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From my perch, the writing has been on the wall for some time. I'd also shared this picture earlier this year after the unprecedented Fed rate cuts of 125 points in nine days and just what the Long Bond thought about them. In the chart below I put circles around the dates of the two cuts in January 2008. The price chart underneath, however, was the price of the 30-year Treasury Bond June08 Futures contract. The world was screaming for lower rates yet this chart quietly predicted the exact opposite for long rates, right into the teeth of those concerns. The only committee I care about meets every day and gives clearer answers and the bond pits told you that rates (the inverse of this price chart) just might be done going down.


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We can manipulate short rates for good or bad reasons and debate them endlessly, but longer term bond rates are driven by demand. I believe it will slow, not grow. With a longer time frame, but with tight stops, one of my favorite of many commodity trades as I shared was a short on these IOU's that won't like the smell of inflation from the grill.

If the technicals are wrong, then I came across this other fundamental short of a corporation as a backup plan. They haven't earned a profit in a few years. They are begging their biggest customers to stay and even handing out kickbacks to the smallest in hopes they keep spending. The top line revenue is slowing while the cost of goods sold is soaring. Some high ranking officials have pointed to questionable accounting tricks to conceal liabilities. The CEO is stepping down later this year amid intense backlash and a succession plan is not yet in place for this operation, also known as the parent company of that Treasury issuer.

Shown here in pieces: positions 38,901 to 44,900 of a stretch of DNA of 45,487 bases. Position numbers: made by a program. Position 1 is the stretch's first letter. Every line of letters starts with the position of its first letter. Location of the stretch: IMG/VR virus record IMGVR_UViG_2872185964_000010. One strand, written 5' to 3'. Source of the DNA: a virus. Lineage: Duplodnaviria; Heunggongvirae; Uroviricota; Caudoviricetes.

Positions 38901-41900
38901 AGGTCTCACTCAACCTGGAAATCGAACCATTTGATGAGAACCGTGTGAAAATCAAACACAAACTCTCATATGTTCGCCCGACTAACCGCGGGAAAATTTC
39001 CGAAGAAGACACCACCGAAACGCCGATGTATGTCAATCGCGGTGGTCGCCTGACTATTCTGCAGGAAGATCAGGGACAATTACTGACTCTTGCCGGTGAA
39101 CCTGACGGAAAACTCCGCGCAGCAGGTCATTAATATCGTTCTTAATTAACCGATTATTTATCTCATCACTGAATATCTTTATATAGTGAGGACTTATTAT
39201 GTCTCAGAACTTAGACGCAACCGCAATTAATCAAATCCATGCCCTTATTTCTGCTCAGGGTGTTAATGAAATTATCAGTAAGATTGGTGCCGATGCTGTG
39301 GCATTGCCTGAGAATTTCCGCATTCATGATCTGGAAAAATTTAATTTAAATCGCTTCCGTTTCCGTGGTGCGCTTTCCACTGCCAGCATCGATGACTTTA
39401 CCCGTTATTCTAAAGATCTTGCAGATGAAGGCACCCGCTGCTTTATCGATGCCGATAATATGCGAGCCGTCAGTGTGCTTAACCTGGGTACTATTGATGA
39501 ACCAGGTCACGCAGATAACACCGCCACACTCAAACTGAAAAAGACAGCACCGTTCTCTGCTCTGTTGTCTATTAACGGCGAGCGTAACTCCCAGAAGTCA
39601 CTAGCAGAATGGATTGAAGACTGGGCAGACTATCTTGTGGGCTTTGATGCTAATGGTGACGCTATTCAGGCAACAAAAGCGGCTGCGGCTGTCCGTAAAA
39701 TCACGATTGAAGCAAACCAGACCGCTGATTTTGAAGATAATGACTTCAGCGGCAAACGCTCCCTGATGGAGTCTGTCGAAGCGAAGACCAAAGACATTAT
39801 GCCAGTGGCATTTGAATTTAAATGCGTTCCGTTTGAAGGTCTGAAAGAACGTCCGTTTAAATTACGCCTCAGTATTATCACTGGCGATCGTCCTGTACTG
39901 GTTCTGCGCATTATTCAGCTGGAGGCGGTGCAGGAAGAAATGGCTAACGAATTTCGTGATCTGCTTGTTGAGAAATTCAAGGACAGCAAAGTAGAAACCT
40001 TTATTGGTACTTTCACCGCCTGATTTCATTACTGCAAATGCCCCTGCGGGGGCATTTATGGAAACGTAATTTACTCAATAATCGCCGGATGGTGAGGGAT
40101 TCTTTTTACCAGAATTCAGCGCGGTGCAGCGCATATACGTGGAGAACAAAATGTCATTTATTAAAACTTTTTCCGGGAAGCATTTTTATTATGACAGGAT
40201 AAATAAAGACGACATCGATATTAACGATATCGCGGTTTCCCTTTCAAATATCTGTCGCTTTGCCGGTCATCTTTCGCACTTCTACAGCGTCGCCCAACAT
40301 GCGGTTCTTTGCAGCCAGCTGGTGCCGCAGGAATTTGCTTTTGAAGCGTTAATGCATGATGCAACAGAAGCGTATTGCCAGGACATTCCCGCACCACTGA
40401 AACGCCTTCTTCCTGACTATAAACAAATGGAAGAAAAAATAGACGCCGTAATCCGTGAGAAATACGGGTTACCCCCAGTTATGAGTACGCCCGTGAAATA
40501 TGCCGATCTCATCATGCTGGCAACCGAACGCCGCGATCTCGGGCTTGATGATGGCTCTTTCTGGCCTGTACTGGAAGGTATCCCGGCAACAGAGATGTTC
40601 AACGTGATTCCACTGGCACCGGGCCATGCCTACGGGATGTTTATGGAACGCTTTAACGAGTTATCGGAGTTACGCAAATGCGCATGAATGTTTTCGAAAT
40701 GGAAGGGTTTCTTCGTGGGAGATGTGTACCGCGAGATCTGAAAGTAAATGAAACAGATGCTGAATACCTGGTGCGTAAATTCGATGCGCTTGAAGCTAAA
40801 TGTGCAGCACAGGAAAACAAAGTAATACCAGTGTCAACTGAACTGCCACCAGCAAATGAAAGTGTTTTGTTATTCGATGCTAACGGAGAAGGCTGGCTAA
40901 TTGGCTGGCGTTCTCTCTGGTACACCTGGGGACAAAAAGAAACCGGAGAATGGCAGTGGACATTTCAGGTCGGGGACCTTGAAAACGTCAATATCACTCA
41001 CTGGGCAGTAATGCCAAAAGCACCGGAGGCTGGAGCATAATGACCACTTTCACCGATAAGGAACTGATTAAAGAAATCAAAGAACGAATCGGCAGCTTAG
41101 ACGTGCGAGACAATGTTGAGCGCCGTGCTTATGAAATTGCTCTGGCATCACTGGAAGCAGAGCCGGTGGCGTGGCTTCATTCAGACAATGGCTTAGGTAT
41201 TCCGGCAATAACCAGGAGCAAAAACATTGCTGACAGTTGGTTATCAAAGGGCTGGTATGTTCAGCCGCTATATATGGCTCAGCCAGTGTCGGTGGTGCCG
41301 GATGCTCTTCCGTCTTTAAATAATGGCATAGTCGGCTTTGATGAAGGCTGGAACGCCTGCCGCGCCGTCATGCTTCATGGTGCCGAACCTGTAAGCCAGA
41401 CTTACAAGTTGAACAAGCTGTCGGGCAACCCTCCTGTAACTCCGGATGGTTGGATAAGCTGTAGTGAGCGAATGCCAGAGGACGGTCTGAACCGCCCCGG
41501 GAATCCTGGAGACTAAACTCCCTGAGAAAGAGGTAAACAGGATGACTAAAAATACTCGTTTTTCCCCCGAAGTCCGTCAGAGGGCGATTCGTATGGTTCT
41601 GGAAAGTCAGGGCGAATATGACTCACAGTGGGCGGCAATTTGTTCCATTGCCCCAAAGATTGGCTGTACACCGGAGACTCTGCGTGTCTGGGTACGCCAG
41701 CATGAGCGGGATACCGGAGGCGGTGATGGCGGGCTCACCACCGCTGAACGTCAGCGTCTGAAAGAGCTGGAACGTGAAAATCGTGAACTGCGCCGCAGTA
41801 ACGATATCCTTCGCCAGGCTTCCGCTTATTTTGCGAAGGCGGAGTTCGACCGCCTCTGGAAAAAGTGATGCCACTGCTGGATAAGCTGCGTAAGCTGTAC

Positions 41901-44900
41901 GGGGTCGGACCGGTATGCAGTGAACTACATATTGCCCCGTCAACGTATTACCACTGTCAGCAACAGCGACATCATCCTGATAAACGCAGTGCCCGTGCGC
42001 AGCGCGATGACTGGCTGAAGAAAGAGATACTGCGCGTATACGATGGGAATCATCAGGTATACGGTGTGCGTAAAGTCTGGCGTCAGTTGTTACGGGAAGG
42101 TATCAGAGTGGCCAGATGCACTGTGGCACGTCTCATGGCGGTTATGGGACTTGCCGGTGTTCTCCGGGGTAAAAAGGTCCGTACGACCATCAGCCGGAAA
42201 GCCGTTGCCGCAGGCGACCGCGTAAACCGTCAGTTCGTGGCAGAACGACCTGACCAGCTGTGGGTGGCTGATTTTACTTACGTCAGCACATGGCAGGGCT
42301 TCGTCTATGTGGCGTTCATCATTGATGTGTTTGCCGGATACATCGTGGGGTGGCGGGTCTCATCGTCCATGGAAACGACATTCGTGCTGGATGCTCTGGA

I guess if I put this pair to music it might sound a 'lil something like this…

Cheeseburgers When Subsidized

Tried to amend capitalism's habits
Changing rules in so many ways
Makin votes they need, wasting corn seeds
Takin' lotsa water we'll run out of some day

But at night I'd have these terrible dreams
About the future price of beef
A Big Mac is 52% corn don't they see?
This ethanol is dripping on my dinner, good grief!

Cheeseburgers when subsidized
Messin 'round with the way they are priced
Treating some millionaire farmers too nice
Can't afford my cheeseburgers when subsidized

I like mine with Brazil's sugar instead
No changing crops so I can still buy bread
Drop those tariffs and watch the riots stop
Good God Almighty just pay 'em for their crop
So my cheeseburger ain't subsidized

Heard about the old time Congressmen
They vote the same way again and again
Experts on pork but not the grains those pigs eat
Cook the taxes and duties just let farmers compete

Cheeseburgers when subsidized, medium rare over gas'd be nice
But we're wasting that too, you surprised?
That's why I'm buyin' natty, and stocks that fertilize
Just to afford my cheeseburgers when subsidized.

Position in Treasury Futures, Cattle Futures.
The information on this website solely reflects the analysis of or opinion about the performance of securities and financial markets by the writers whose articles appear on the site. The views expressed by the writers are not necessarily the views of Minyanville Media, Inc. or members of its management. Nothing contained on the website is intended to constitute a recommendation or advice addressed to an individual investor or category of investors to purchase, sell or hold any security, or to take any action with respect to the prospective movement of the securities markets or to solicit the purchase or sale of any security. Any investment decisions must be made by the reader either individually or in consultation with his or her investment professional. Minyanville writers and staff may trade or hold positions in securities that are discussed in articles appearing on the website. Writers of articles are required to disclose whether they have a position in any stock or fund discussed in an article, but are not permitted to disclose the size or direction of the position. Nothing on this website is intended to solicit business of any kind for a writer's business or fund. Minyanville management and staff as well as contributing writers will not respond to emails or other communications requesting investment advice.